The plurality of clock recovery circuits 810-1 through 810-n may de-multiplex the high-speed serial data streams 801 into four data streams 840-1 through 840-n using four recovered clocks having a phase difference of 45 degrees with respect to each other.

The four recovered clocks may be generated by the clock recovery circuits 810-1 through 810-n using the four clocks 830 output from the clock generator 820.

The plurality of the clock recovery circuits 810-1 through 810-n may output the multiplexed data streams 840-1 through 840-n to an internal circuit 850.

The internal circuit 850 may de-multiplex the de-multiplexed data streams 840-1 through 840-n into data streams having a lower frequency than that of the data streams 840-1 through 840-n.

According to the quarter-rate clock recovery circuit of the example embodiments of the present invention, the quarter-rate clock recovery circuit may employ four phase interpolators. The four phase interpolators generate four clocks, which track the received data, have a ¼ rate of the data-rate of the received data, and have a phase difference of 45 degrees with respect to each other from the four clocks that have a ¼ rate of the data-rate of the received data and have a phase difference of 90 degrees with respect to each other.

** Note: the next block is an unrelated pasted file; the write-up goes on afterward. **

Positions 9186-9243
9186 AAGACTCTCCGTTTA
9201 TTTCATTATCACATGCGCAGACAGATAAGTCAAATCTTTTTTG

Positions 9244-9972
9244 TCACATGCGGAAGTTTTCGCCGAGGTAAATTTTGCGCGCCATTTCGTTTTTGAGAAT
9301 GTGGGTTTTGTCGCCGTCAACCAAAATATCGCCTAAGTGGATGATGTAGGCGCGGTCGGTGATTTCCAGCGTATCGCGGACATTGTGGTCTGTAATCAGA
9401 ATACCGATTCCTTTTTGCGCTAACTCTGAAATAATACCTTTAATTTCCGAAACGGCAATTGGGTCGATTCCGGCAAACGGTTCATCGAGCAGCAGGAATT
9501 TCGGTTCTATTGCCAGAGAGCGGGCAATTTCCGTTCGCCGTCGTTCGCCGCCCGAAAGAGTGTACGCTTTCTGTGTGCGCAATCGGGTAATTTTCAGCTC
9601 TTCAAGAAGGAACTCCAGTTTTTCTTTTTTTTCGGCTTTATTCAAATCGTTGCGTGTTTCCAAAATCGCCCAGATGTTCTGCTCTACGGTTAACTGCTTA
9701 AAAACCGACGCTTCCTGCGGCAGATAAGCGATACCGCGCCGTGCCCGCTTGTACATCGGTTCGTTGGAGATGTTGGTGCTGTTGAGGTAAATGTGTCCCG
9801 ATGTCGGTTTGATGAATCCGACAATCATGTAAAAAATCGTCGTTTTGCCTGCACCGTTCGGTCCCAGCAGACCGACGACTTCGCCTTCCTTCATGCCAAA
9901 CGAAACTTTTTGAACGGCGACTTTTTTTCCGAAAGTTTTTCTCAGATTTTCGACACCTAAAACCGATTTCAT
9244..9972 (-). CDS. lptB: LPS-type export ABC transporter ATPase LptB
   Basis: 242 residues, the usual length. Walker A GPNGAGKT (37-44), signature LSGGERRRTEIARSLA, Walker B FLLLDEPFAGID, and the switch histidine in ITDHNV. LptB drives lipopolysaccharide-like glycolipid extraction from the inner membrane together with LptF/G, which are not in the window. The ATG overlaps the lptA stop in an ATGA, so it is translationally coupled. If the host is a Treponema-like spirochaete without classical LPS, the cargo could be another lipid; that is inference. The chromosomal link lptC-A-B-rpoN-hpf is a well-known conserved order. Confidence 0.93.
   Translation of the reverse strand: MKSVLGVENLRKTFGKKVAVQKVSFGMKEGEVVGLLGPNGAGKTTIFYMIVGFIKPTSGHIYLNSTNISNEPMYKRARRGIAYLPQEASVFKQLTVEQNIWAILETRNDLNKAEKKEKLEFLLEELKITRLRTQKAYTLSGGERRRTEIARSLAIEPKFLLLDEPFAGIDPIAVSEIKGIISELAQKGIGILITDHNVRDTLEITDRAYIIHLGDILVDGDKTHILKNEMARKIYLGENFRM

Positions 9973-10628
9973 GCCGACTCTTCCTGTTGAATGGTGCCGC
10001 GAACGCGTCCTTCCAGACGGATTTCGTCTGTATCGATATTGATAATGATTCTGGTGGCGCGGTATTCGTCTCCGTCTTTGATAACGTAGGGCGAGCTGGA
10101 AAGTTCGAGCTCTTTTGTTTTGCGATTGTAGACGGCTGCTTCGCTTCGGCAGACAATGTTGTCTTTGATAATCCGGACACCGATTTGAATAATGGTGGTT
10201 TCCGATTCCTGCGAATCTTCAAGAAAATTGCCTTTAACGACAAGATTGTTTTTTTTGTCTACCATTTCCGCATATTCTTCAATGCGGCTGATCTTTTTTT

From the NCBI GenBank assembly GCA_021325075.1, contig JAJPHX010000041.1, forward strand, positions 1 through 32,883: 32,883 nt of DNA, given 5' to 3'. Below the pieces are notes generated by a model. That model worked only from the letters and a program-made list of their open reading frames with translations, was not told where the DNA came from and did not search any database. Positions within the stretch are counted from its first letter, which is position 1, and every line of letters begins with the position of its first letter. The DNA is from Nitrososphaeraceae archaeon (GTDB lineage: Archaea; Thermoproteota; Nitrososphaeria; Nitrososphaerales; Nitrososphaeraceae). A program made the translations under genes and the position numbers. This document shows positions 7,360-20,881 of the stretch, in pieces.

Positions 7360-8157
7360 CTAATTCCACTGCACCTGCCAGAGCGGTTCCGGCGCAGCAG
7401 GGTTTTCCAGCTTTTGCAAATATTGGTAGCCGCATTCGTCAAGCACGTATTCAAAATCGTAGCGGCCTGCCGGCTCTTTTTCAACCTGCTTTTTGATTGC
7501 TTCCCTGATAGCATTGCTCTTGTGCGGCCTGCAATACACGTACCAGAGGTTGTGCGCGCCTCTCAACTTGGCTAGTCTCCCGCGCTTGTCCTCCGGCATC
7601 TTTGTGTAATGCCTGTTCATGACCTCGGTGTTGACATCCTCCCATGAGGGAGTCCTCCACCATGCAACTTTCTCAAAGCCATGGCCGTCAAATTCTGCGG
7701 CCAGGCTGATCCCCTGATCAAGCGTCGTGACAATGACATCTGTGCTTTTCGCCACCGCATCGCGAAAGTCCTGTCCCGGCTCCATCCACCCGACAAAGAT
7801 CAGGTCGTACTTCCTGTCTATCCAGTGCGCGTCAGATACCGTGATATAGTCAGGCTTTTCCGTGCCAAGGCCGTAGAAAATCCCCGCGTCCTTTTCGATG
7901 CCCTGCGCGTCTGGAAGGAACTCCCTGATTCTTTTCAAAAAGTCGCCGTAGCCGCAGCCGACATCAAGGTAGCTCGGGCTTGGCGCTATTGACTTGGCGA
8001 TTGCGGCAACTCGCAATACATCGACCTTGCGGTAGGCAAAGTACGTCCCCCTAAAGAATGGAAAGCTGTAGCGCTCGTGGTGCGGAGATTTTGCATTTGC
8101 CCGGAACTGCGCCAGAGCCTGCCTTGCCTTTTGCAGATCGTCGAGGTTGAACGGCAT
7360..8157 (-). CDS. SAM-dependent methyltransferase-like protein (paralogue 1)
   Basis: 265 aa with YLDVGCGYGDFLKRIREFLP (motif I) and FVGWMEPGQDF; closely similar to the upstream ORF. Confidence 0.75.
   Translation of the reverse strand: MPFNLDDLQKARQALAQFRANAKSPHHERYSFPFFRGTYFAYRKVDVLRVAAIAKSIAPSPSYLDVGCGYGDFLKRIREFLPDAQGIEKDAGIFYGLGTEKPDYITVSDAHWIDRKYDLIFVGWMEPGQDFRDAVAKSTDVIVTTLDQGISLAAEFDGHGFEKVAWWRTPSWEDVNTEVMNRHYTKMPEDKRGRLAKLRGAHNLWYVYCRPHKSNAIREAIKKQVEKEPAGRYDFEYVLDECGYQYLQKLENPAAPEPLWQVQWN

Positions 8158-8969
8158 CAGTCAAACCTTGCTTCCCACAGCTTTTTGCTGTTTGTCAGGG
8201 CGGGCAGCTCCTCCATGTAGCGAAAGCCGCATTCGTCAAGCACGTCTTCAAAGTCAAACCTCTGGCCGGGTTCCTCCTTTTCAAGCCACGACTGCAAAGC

Because four clocks having a phase difference of 45 degrees with respect to each other are generated using minimum number of phase interpolators, the burden of designing a clock source such as a phase locked loop (PLL) may be reduced. For example, an operation frequency of the clock generator, for example, a VCO may be reduced by half compared with the half-rate clock recovery circuit and/or a clock source having a desired jitter characteristic can be easily designed.

In addition, power dissipation, mismatch between lines, and/or a coupling effect may be reduced by lowering an operating frequency of the clock generator, thereby a high quality clock may be generated.

Further, the quarter-rate clock recovery circuit employing a multi-channel configuration, buffers that are inserted between each of the channel and which provide clocks to each of the channels may be easily implemented and/or the power dissipation of the buffers may be reduced because the number of the buffers may be reduced. Further, total chip area may be reduced.